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We've defined the connectedness in topology in class in this way that a topological space is connected if the only both open and closed set is empty set or the whole set.

Now I got the explanation from Wikipedia:"Now consider the space $X$ which consists of the union of the two open intervals $(0,1)$ and $(2,3)$ of $\mathbb{R}$. The topology on $X$ is inherited as the subspace topology from the ordinary topology on the real line $\mathbb{R}$. In $X$, the set $(0,1)$ is clopen, as is the set $(2,3)$. This is a quite typical example: whenever a space is made up of a finite number of disjoint connected components in this way, the components will be clopen."

I understand the last line of the explanation, because it corresponds to our definition of connectedness. But Can anyone tell me why $(0,1)\bigcup(2,3)$ are both open and closed(by definition)?I understand it's open but why it's closed?

A set is said to be open if there always exists a neighborhood of each point in this set and the neighborhood also is contained in the set.

A set is said to be closed if its complement is open.

Thanks for helping me :)

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3 Answers 3

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Your topological space under consideration is $(0,1)\cup (2,3)$, therefore $(0,1)\cup (2,3)$ must be open as it is the whole set. Since complement of $(0,1)\cup (2,3)$ (relative to the space being considered) is the empty set, which is open, then $(0,1)\cup (2,3)$ is by definition closed. Basically the whole space $X$ is always both open and closed.

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Every space is both open and closed in itself. Of course, $X:=(0,1)\cup(2,3)$ is open and not closed in the real line.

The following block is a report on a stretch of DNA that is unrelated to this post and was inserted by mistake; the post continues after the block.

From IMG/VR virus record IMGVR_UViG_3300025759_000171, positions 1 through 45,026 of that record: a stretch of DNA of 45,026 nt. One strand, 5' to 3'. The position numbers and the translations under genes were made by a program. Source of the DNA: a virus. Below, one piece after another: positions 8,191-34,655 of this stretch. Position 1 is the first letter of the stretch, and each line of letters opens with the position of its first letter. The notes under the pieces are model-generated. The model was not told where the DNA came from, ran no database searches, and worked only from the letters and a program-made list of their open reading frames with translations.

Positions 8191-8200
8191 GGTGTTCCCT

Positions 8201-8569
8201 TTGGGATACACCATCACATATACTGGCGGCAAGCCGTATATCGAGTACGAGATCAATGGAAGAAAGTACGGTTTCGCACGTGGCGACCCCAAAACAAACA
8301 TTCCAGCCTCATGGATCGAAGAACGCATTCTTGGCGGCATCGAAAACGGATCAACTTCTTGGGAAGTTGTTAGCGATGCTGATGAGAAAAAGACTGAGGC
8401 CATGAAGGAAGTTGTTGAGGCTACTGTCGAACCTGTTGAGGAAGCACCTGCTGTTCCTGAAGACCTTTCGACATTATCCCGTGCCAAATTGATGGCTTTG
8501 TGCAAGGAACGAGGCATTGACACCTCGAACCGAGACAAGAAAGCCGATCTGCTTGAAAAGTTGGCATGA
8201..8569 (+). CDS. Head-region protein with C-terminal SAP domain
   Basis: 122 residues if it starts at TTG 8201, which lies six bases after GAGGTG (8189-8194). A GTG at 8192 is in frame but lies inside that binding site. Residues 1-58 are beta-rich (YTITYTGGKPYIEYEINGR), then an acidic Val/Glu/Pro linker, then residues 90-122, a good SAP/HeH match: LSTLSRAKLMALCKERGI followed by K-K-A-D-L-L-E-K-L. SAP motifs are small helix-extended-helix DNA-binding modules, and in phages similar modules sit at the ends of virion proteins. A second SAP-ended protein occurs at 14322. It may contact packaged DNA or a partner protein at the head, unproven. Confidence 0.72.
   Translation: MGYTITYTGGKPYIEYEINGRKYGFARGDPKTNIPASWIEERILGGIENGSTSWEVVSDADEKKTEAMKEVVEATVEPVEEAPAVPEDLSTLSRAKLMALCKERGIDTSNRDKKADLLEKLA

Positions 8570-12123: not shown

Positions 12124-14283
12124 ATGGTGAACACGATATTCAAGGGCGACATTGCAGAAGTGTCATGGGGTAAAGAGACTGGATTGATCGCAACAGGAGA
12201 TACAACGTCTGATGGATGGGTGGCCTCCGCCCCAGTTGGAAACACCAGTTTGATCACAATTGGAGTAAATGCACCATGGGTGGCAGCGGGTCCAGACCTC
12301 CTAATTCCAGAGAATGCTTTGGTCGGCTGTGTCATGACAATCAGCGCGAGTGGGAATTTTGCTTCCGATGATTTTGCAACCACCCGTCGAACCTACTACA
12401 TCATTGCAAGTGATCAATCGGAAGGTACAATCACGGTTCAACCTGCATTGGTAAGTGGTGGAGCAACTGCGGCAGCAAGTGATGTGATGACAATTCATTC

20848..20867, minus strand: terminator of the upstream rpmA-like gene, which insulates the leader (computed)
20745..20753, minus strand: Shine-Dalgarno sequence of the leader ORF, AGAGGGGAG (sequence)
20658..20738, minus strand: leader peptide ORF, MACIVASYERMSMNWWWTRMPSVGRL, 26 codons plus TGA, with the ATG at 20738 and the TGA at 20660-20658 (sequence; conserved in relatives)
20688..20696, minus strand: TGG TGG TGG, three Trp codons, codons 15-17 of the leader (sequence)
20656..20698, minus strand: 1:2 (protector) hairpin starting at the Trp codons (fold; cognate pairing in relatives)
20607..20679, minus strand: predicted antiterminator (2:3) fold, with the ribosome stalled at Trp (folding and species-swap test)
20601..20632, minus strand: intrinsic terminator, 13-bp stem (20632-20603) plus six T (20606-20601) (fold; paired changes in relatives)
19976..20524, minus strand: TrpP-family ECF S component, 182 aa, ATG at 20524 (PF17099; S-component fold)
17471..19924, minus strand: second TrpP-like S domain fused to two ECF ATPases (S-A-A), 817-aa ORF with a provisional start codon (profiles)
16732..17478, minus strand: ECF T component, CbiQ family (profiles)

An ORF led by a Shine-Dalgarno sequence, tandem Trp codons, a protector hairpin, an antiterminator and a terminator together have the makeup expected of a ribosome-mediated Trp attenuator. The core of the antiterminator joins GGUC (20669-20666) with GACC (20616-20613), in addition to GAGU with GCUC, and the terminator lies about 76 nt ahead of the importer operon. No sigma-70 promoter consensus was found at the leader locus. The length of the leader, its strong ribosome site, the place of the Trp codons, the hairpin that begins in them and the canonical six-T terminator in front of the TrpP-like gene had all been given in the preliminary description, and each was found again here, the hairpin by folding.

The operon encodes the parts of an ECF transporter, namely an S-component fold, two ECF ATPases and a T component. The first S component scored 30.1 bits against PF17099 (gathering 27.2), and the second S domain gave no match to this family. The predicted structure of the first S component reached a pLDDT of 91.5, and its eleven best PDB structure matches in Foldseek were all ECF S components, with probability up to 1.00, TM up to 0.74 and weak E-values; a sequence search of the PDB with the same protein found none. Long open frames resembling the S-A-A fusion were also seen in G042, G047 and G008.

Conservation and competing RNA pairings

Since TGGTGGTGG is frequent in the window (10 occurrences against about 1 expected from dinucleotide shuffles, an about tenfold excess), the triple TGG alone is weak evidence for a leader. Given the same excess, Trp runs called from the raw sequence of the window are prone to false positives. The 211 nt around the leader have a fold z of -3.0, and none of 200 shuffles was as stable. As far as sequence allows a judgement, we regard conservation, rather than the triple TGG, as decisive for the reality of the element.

Now, it's clear that both $(0,1)$ and $(2,3)$ are open in the real line, so open in $X$ in the subspace topology. Since $(0,1)=X\setminus(2,3)$, then $(0,1)$ is closed in $X$. Likewise, $(2,3)$ is closed in $X$.

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That would be my problem of understanding "open" and "closed" in topology rather than in general sense. For example all family of of sets in topology $\tau$ are open, because they are all open sets in the topology(also how they are defined defined in topology). But how do we understand exactly "closed" in topology? For example, why the empty set and the whole space are both closed and open? why the disconnected space are both closed and open? can you explain more explicitly? Thanks! –  Cancan Apr 17 '13 at 15:41
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@Cancan we define closed sets are the sets whose complement (relative to whole space) is open. –  mez Apr 17 '13 at 15:44
    
I get it! Thank you all! –  Cancan Apr 17 '13 at 15:48

The thing you may not be understanding is that whether a set is closed or open depends highly on what metric or topological space it lives inside.

Wikipedia is talking about the space $(0,1) \cup (2,3)$. $(0,1)$ is closed because it's complement is $(2,3)$ -- obviously an open set.

EDIT: it is unclear in your question whether "$(0,1) \cup (2,3)$ are both open and closed" means "$(0,1)$ and $(2,3)$ are both open and closed" or "$(0,1) \cup (2,3)$ is both open and closed".

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To get italics, do this: *italics*. –  Cameron Buie Apr 17 '13 at 15:43
    
Thanks, Cameron. –  Goos Apr 17 '13 at 15:52

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